Copying HD DVD and Blu-ray discs may become legal

Movie industry could make concession to consumers to quell criticism that DRM technologies are too restrictive

Under a licensing agreement in its final stages, consumers may get the right to make several legal copies of HD DVD and Blu-ray Disc movies they've purchased, a concession by the movie industry that may quell criticism that DRM (digital rights management) technologies are too restrictive.

The agreement, if supported by movie studios and film companies, could allow a consumer to make a backup copy in case their original disc is damaged and another copy for their home media server, said Michael Ayers, a representative of an industry group that licenses the AACS (Advanced Access Content System) copy-prevention system.

AACS is used on HD DVD and Blu-ray discs, the new high-definition DVD formats, to prevent unauthorized copying of the discs.

The concept, called "managed copy," would undercut one the strongest arguments against DRM technology, which critics say deprives buyers of their legal right to fair uses such as moving their content to other digital systems and devices.

The licensing agreement is under negotiation between the AACS Licensing Adminstrator, which Ayers represents, and companies using AACS technology, including film makers. AACS LA members include Sony, IBM, The Walt Disney Co., Warner Bros., and Microsoft.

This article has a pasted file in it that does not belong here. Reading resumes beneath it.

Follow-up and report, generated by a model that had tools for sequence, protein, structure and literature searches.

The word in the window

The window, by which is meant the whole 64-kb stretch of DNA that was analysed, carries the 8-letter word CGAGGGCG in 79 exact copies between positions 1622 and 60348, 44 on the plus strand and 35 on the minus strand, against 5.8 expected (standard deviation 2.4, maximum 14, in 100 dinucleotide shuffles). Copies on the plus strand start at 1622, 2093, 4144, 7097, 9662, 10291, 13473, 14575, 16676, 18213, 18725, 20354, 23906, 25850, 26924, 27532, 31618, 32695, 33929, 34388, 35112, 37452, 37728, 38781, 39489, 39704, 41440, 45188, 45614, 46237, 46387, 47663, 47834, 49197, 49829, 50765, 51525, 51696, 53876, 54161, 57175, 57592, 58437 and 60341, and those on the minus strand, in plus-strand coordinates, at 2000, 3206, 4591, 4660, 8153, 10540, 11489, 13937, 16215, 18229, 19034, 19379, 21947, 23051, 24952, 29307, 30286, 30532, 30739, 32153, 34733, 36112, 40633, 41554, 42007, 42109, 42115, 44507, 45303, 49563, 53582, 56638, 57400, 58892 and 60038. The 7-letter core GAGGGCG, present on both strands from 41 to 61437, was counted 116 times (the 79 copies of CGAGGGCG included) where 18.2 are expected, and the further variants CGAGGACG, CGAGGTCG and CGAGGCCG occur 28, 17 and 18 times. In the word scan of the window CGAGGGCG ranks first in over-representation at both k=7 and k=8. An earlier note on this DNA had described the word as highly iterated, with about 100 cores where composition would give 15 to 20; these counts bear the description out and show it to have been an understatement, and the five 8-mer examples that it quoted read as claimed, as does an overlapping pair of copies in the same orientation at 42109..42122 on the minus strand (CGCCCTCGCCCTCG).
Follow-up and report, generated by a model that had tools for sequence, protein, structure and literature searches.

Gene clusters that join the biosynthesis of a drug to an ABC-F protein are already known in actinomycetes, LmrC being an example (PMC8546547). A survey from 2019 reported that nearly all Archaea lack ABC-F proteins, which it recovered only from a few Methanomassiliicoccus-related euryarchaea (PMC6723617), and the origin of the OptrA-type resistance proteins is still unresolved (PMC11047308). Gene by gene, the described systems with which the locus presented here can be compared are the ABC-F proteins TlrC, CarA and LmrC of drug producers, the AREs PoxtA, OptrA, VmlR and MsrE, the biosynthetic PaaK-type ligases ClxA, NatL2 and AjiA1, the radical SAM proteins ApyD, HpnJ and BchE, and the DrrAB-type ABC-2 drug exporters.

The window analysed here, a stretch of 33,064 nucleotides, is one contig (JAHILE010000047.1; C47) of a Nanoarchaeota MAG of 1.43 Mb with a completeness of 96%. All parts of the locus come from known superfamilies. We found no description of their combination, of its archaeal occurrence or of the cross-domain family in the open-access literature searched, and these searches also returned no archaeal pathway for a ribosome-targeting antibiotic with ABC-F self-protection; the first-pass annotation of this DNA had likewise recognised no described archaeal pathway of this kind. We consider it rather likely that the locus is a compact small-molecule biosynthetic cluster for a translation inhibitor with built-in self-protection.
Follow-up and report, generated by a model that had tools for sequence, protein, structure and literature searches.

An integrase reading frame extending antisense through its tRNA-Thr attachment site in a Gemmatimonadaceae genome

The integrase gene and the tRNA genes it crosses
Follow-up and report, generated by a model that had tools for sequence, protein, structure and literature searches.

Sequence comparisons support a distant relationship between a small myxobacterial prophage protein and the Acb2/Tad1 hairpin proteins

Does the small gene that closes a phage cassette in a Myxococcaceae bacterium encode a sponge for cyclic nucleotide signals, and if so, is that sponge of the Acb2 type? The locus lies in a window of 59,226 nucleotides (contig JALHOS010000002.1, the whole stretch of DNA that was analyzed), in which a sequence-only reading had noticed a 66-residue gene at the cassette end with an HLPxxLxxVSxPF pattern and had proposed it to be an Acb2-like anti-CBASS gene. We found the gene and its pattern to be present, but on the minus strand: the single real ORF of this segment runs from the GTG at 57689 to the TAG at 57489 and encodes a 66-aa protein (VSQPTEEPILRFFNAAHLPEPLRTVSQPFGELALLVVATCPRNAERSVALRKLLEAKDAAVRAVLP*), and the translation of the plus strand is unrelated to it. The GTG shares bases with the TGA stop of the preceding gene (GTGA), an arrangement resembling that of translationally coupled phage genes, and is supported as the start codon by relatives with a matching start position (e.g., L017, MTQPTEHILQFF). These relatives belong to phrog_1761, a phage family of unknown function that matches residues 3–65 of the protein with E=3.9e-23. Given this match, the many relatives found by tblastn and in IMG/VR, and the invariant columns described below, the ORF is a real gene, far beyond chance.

AACS LA is pushing the studios to support managed copy and offer consumers the option of making at least one copy, Ayers said.

"We want to be able to maximize the number of movies that are able to be offered," he said.

The idea is that the content companies could charge a premium according to how many copies are allowed, Ayers said. It remains a possibility that consumers, if given the chance to make three copies of "Spider-man 2" could give those copies to their neighbors, which technically would qualify as low-volume piracy.

But AACS LA believes that movie studios will see higher sales with the managed copy option, even with the chance it could be abused, Ayers said. "Studios will have to take that into account when they select pricing," Ayers said.

On the technology side, a system of servers, run by the studios or third parties, could enable the authorization of copies. Newly minted discs could be prevented from further copying by employing DRM technology from companies such as Microsoft, Ayers said.

AACS LA is now working out what rights studios and film companies would have under the complex licensing agreement. "We are optimistic that the studios will see this as a benefit that will drive sales," Ayers said.

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